Indico has been upgraded to version 3.1. Details in the SSB
Oct 13 – 18, 2019
Lafodia Sea Resort, Lopud Island, Croatia
Europe/Zurich timezone

Development of the radiation hard high-speed monolithic CMOS sensors for the ATLAS experiment at the HL-LHC

Oct 15, 2019, 2:00 PM
Lafodia Sea Resort, Lopud Island, Croatia

Lafodia Sea Resort, Lopud Island, Croatia


Patrick Moriishi Freeman (University of Birmingham (GB))


The upgrade of the ATLAS tracking detector for the High-Luminosity Large Hadron Collider at CERN requires the development of novel radiation hard silicon sensor technologies.
The MALTA Monolithic Active Pixel Sensor prototypes have been developed with the 180 nm TowerJazz CMOS imaging technology. This combines the engineering of high-resistivity substrates with on-chip high-voltage biasing to achieve a large depleted active sensor volumes, to meet the radiation hardness requirements of the outer barrel layers of the ATLAS ITK Pixel detector (1.5E15 1 MeV neq/cm2). MALTA combines low noise (ENC < 20 e) and low power operation (1 uW / pixel) with a fast signal response (25 ns bunch crossing) in small pixel size (36.4 x 36.4 um2), and a small collection electrode (3 um), with a novel high-speed asynchronous readout architecture to cope with the high hit rates expected at HL-LHC.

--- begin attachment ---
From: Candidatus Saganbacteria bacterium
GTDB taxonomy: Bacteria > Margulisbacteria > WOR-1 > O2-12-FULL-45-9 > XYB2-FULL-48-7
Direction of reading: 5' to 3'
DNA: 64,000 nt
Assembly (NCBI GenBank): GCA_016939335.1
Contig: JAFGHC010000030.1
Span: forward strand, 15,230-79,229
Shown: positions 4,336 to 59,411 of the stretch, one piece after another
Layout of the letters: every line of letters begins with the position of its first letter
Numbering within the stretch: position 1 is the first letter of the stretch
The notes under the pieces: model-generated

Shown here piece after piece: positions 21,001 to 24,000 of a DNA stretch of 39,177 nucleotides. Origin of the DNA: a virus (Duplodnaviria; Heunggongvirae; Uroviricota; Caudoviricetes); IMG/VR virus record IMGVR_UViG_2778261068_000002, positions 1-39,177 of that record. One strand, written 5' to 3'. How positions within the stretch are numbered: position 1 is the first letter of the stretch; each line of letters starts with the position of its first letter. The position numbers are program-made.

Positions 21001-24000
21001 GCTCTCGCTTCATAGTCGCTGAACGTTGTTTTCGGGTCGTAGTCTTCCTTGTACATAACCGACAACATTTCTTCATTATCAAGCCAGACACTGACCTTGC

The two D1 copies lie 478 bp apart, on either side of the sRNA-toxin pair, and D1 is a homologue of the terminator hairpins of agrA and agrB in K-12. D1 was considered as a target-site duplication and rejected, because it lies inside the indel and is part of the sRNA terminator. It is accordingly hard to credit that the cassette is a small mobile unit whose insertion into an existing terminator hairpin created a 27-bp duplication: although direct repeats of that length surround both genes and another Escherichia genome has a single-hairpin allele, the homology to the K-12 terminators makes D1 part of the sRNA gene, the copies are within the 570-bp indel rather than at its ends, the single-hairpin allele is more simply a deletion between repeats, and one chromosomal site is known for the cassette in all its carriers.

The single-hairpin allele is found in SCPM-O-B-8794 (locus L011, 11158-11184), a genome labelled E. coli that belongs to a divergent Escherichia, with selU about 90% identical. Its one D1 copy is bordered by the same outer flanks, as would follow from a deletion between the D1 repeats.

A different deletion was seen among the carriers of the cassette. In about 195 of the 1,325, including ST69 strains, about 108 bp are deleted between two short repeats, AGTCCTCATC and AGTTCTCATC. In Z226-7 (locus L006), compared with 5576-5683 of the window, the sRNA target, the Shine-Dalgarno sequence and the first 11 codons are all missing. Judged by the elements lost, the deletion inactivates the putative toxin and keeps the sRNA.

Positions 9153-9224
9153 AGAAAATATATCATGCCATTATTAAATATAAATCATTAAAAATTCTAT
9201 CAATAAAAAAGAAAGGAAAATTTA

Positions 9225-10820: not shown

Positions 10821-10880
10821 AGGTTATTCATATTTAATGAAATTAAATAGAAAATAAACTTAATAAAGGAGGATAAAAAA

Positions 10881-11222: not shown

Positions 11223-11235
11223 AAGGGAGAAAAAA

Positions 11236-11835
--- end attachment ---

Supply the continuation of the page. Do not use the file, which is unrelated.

The latest developments, embedded in so-called Mini-MALTA chip, address the issues observed in previous designs to meet the desired radiation hardness requirements. This contribution will summarize the design and recent improvements of this technology, together with the measurements of analog and digital performance, as obtained in lab tests and radioactive source tests.

Primary author


Ignacio Asensi Tortajada (Univ. of Valencia and CSIC (ES)) Prof. Daniela Bortoletto (University of Oxford (GB)) Siddharth Bhat (CPPM, Aix-Marseille Universite , CNRS/IN2P3) Roberto Cardella (CERN) Ivan Dario Caicedo Sierra (University of Bonn (DE)) Craig Buttar (University of Glasgow (GB)) Ivan Berdalovic (CERN) Florian Dachs (Vienna University of Technology (AT)) Valerio Dao (CERN) Mateusz Dyndal (CERN) Leyre Flores Sanz De Acedo (University of Glasgow (GB)) Patrick Moriishi Freeman (University of Birmingham (GB)) Amr Habib (Centre National de la Recherche Scientifique (FR)) Francesco Piro (CERN) Marlon B. Barbero (CPPM, Aix-Marseille Université, CNRS/IN2P3 (FR)) Bojan Hiti (Jozef Stefan Institute (SI)) Magdalena Munker (CERN) Konstantinos Moustakas (University of Bonn (DE)) Thanushan Kugathasan (CERN) Heinz Pernegger (CERN) Petra Riedler (CERN) Enrico Junior Schioppa (CERN) Abhishek Sharma (University of Oxford (GB)) Lluis Simon Argemi (University of Glasgow (GB)) Walter Snoeys (CERN) Tomislav Suligoj (University of Zagreb) Philippe Schwemling (CEA/IRFU,Centre d'etude de Saclay Gif-sur-Yvette (FR)) Yavuz Degerli (Université Paris-Saclay (FR)) Tianyang Wang (University of Bonn (DE)) Norbert Wermes (University of Bonn (DE)) Tomasz Hemperek (University of Bonn (DE))

Presentation materials